Part of the experience with any tobacco is the relationship it affords with time. Smoking provides punctuation marks to life. It pauses the careening jumble of events to carve out moments of stillness. To some degree, this is true of all smoking. I am as likely as anyone to wince at the sight of a dozen office workers huddled in a wintry alley, but there is something to be said for the experience of stopping and stepping away. There is no similar ritual in the daily habits of most nonsmokers, and the pipe is especially suited to the task: there is the crumbling of tobacco, the packing of the bowl, the careful nurture of the flame, the false light and first tamp and so on, tooling and tending the bowl as the ember gently falls.
Finally, the pipe itself is a meaningful object in its owner’s life. Many new smokers don’t grasp how important it is to care for their pipes. If it’s oversmoked or never cleaned or isn’t properly broken in, the pipe can become saturated with tar that spoils in the cells of wood. I am speaking here of briar pipes, which are cut from a special knot of burl at the base of the Mediterranean heath tree. Pipes can be made of other woods and materials, but briar is the one most people picture when they think of a wooden pipe. One of the many virtues of briar is that it improves with age. Most pipe smokers find the taste of a new pipe harsh, and many inaugurate a bowl with a thin film of honey. Most also pack the first few bowls half full and let the pipe rest for several days between smokes — allowing the wood to dry and form a crust of carbon on the walls. Because this crust, known as cake, absorbs the flavor of any tobacco you smoke, many pipe smokers dedicate each of their pipes to just one style of tobacco. A typical pipe smoker, then, may require several pipes. I have friends with hundreds, and although I prefer to keep only a couple of dozen myself, each is reserved for a certain family of leaf. Each one also has a story, like the gnarled freehand that my brother-in-law carved and the vintage Dunhill my cousin restored, and like many pipe smokers, I can remember the best smoke each pipe has produced. There are times when just the right blend meets just the right bowl at just the right moment, and something transcendent happens. You will think I am exaggerating here, unless you smoke a pipe. I will never forget the English blend I smoked from a large sandblasted calabash in my friend Andy’s backyard one summer before a table of fresh veggies and fruit; or the brightleaf I smoked from a Hardcastle Rhodesian late one night on my grandfather’s farm; or the taste of Semois I carried home that summer.
“TRAVAIL?” Vincent said, pointing at the basement. It had been two days since my arrival, and we’d spent the time sprawling aimlessly around his sunroom puffing Semois, but the tobacco orders were coming in daily, and it was time to return to work.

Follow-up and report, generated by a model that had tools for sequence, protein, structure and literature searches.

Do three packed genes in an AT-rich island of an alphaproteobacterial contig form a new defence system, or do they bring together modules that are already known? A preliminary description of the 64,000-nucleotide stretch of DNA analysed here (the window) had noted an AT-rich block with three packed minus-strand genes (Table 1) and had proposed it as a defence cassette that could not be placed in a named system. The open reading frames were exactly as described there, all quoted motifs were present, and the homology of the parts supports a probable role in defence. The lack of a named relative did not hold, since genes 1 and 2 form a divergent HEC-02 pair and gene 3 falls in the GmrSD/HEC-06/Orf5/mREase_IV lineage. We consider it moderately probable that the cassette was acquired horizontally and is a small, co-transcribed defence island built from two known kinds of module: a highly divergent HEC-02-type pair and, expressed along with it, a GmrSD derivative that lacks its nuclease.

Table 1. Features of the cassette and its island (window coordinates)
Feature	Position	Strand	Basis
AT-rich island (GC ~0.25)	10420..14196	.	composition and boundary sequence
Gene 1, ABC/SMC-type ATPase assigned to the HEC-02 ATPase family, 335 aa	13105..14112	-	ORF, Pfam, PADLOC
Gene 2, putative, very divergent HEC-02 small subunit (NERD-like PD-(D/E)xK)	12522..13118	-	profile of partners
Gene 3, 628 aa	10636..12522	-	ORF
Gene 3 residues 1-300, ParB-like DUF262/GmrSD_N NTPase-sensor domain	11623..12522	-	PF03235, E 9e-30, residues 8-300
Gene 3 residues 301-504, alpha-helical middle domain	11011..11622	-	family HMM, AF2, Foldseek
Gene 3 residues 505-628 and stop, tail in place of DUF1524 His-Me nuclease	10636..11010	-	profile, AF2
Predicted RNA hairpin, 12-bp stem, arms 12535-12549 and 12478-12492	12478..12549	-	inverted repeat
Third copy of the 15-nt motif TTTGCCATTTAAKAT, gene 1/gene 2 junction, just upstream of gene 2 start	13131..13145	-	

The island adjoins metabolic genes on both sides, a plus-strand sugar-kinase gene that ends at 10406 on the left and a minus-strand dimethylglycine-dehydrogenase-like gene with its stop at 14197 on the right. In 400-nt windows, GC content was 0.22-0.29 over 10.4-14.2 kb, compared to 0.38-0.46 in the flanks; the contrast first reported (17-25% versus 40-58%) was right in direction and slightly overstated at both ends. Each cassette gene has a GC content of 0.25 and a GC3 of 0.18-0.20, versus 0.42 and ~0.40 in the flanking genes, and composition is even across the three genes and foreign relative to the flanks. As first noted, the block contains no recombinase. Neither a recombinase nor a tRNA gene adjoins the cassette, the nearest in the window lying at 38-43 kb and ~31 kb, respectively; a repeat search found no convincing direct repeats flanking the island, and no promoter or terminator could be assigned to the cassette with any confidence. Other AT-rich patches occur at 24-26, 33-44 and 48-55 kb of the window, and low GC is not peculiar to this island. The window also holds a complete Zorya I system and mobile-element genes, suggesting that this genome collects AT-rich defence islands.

We climbed down into the workroom, and Vincent turned on a small radio, blasting the opening movement of “Carmina Burana” in all its preposterous enthusiasm. All around, the leaf awaited — harvested, dried, fermented and shredded, filling huge wooden crates. Vincent reached to a high shelf and pulled down a stack of the golden paper, which he dropped on the table with a thud. “Like this,” he said, peeling a sheet and folding it into the shape of a box, which he dropped into a hole in the table and began filling with tobacco. When it was full, he pulled a lever overhead to compress the tobacco inside, then he folded the top and tossed aside the first golden brick.
“O.K.?” he said. “Now you do it!”
It took several tries to get the hang of it, but soon we found a rhythm — folding and pressing dozens of bricks into a rising pyramid of gold. The hours washed by, until finally the stack was complete. Through the basement window I could see only darkness. In the morning, a truck would arrive to carry the packages to Brussels and Antwerp and Liège, while Vincent would press and package more.
For now, he was dusting the tables and sweeping bits of tobacco from the floor. I filled a pipe from a large bin and stepped out into the night. It was still the end of winter. The air was wet and thick. In a few days, I would return home and mail a package of La Brumeuse to the great American blender Gregory Pease, who had never tasted Vincent’s stock. A few days later, he would write back: “The Semois is amazing. Rustic, powerful, intense. There is just nothing else like it in the world.”
But on my last night with Vincent, I wasn’t thinking about the world or the vanishing place of tobacco in it or what it would mean to abandon a flavor as fundamentally American as tobacco. I was simply outside in the Semois Valley, smoking a pipe my wife had given me the year our son was born. It’s a Stanwell bulldog — a small pipe with a large bowl that tasted terrible for the first two years I had it. But I had been patient, breaking it in slowly with English and Balkan blends. The taste of Latakia was still strong in it, melding into the Semois to form a surprising balance. I drew a long cool draft and let the taste fill my mouth, then slowly let the smoke trickle away. It was one of those unforgettable bowls.